One thing that is central to think is how technologies, and more specifically interfaces, shape our modes of perception and interaction, and thus our everyday reality, through their “narrative” and ways of representation. It is a vast topic, so this short article will focus on Apple’ s GUI (Graphic User Interface) evolution to parallel it with the evolution of the representation of space in Western art, and, hopefully, draw some conclusions, and even more desirable, open some questions.
In 1984 Apple launched the first Macintosh personal computer with the Graphic User Interface, and with it, its first operative system with a Ridley Scott’s commercial inspired by George Orwell’s 1984 and featuring the now pervasive “desktop narrative”, or metaphor: this narrative constructs the fiction of one’s computer as a continuation of a “material” desktop, in which the users have folders to keep his/her documents, a dustbin to through trash away, etc. Before that time, one had to be able to program, to write strings of code, to be able to interact with the computer. If it is true that the desktop narrative is more user friendly, it is also true that it is a fiction: there is no “dustbin”, no “folders”, no “documents” behind the interface, but strings of code that are translated by the computer in zeroes and ones. The user performs a quantity of ‘fictitious’ operations as if s/he were using elements in an office, and has no idea whatsoever of what the computer is actually doing. A part of the problem with this is related to the issue of open-source vs. paid software; namely, one has to have some specific knowledge on programming to operate with Linux and this does not make things so affordable in terms of time or capacities to everyone, but Macintosh or Microsoft “hide” to their users how the system works, and eventually how to fix it, or improve it. Linux is a free software and the result of the cooperation of thousands of users/hackers that improve the system by using it. This subject has been deeply developed by Neal Stephenson in his article “In the Beginning was the Command Line” (1999).
This article intends to address the other part of the problem thinking it in terms of representation: representations that are generated by the social and material conditions of the current historical moment, and that are simultaneously, shaping the ways of perception and thought. The geometrical perspective as a system of representation of three-dimensional space could be created only during the Italian Renaissance, but, it has shaped the way in which the Western world perceives, and produces the representation of space since then, in every field. In fact, this is especially evident in the evolution of the representation of any kind of narratives in the digital realm. As Lev Manovich (2001) would put it, what one chooses to represent, and how, privileges one vision of the world among many, so this choice can be more or less conscious, but it is never innocent, and even less innocuous.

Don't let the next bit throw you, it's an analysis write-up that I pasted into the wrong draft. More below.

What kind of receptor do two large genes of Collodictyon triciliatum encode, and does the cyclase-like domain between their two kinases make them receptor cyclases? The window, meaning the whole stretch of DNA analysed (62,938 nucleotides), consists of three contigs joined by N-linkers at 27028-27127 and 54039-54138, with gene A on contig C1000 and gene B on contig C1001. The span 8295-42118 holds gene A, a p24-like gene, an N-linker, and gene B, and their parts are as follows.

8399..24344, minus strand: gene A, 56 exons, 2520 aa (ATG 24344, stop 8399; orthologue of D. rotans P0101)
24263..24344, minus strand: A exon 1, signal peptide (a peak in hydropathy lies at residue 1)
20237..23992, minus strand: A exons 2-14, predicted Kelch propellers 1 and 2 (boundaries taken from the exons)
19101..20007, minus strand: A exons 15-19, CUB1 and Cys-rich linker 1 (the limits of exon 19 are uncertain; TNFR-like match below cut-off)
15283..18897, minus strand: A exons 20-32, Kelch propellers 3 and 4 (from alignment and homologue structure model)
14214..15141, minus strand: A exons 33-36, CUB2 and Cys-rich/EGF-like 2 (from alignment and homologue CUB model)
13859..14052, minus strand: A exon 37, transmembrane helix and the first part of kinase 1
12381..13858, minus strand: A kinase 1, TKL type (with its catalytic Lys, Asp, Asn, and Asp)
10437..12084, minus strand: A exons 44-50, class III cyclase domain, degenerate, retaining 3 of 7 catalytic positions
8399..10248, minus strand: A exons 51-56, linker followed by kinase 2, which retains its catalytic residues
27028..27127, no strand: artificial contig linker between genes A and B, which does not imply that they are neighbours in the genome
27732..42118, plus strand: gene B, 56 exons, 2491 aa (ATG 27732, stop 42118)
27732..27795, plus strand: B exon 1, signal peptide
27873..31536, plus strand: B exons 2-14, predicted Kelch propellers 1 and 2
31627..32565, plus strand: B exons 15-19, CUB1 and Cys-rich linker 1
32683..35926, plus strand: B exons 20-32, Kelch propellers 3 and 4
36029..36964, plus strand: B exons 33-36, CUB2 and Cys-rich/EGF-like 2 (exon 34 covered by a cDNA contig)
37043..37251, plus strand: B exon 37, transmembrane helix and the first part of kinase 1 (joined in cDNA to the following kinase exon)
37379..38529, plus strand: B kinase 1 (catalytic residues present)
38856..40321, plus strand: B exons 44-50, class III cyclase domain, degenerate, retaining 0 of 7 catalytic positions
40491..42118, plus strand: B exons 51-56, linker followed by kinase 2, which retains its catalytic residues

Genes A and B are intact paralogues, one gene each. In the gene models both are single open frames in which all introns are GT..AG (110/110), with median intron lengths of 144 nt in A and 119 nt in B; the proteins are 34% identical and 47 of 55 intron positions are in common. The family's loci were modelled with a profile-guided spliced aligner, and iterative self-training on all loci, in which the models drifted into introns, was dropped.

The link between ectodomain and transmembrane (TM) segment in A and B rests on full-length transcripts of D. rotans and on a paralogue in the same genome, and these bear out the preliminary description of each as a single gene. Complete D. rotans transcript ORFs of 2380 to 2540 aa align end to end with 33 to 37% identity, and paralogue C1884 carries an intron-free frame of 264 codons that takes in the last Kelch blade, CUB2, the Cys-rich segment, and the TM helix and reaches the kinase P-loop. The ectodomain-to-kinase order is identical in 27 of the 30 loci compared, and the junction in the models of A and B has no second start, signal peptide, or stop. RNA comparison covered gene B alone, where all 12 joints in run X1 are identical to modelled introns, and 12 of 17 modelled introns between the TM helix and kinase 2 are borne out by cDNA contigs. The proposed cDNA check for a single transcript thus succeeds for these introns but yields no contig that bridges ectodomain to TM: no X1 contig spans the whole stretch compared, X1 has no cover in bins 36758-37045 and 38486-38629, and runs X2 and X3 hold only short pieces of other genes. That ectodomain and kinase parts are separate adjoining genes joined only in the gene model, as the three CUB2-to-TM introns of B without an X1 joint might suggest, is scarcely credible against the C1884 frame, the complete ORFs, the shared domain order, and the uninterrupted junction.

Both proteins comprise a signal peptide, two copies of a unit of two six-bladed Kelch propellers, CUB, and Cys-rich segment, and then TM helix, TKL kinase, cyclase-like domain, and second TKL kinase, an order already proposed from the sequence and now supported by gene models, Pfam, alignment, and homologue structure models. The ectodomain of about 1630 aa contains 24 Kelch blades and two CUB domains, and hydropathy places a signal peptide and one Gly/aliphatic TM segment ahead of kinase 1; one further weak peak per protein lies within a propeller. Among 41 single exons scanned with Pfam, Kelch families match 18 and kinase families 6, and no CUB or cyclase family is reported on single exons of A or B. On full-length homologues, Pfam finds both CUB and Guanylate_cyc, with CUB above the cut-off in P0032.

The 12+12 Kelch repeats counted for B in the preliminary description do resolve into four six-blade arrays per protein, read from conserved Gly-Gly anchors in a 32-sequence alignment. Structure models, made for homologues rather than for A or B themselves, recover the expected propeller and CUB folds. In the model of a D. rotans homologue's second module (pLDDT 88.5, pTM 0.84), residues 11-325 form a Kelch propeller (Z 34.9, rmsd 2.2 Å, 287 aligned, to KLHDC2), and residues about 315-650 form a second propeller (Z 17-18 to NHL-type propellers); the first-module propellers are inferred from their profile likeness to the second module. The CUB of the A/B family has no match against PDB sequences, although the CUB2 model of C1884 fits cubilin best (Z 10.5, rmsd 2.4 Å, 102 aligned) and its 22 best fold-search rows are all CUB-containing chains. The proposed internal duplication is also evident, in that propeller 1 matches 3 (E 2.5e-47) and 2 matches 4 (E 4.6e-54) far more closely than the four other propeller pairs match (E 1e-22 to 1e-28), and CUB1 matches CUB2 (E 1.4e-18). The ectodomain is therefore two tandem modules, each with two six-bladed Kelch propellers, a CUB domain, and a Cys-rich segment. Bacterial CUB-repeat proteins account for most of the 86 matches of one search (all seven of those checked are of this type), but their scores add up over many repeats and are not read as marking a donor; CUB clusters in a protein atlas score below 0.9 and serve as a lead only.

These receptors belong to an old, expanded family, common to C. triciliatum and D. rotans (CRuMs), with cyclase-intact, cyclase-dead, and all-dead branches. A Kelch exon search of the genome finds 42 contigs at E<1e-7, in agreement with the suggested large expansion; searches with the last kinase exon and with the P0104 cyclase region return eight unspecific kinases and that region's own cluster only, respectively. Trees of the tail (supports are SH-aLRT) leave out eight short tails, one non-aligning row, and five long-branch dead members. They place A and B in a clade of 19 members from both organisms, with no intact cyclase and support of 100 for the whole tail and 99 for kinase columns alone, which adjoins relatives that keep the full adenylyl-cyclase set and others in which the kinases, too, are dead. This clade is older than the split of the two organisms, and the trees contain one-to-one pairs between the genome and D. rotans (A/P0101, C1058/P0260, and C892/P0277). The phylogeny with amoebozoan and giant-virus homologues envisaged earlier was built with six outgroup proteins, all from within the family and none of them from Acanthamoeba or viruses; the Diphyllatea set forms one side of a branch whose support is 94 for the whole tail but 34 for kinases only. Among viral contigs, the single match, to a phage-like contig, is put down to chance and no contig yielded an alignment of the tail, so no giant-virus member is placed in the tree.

So, going back to Apple, the company launched the GUI in 1984 featuring an interface that conveyed what can be called a “modernist aesthetic”, clear and functional, avoiding any illusionism: the user could interact with the computer through black on white rectangles (then called “windows”), there was no pretension of imitating volumes, or shadows, in the “buttons”, for example. A “note pad” was a white rectangle where one was able to write, but it wouldn’t be the yellow “notebook page”, with lines, and margins, as it then would be the “Notes App” in the iPad’s iOS. Thus, the desktop metaphor was communicated through icons with more or less schematic representations of the dustbin, the folders, etc.
As the operative systems were updated, and eventually improved, the will of “illusionism” begun to grow. In the Mac OS8 launched in 1997, for instance, apart from the colour, the dustbin already has some volume, and the buttons on the calculator, have a shadow. It is still pretty synthetic, so to speak, but there is already the intention to represent three-dimensional objects. In C.S. Peirce’s semiotic terms, it could be said that there is a passage from a symbolic to an iconic representation in the interface: whilst in the first versions the relationship of the representations (signs) with the referent maintained some salient traits but where non necessarily similar, in the later versions the realism was significantly increased, so as to allow a direct recognition of the object represented. It is only then that a desktop icon coincided with the semiotic one.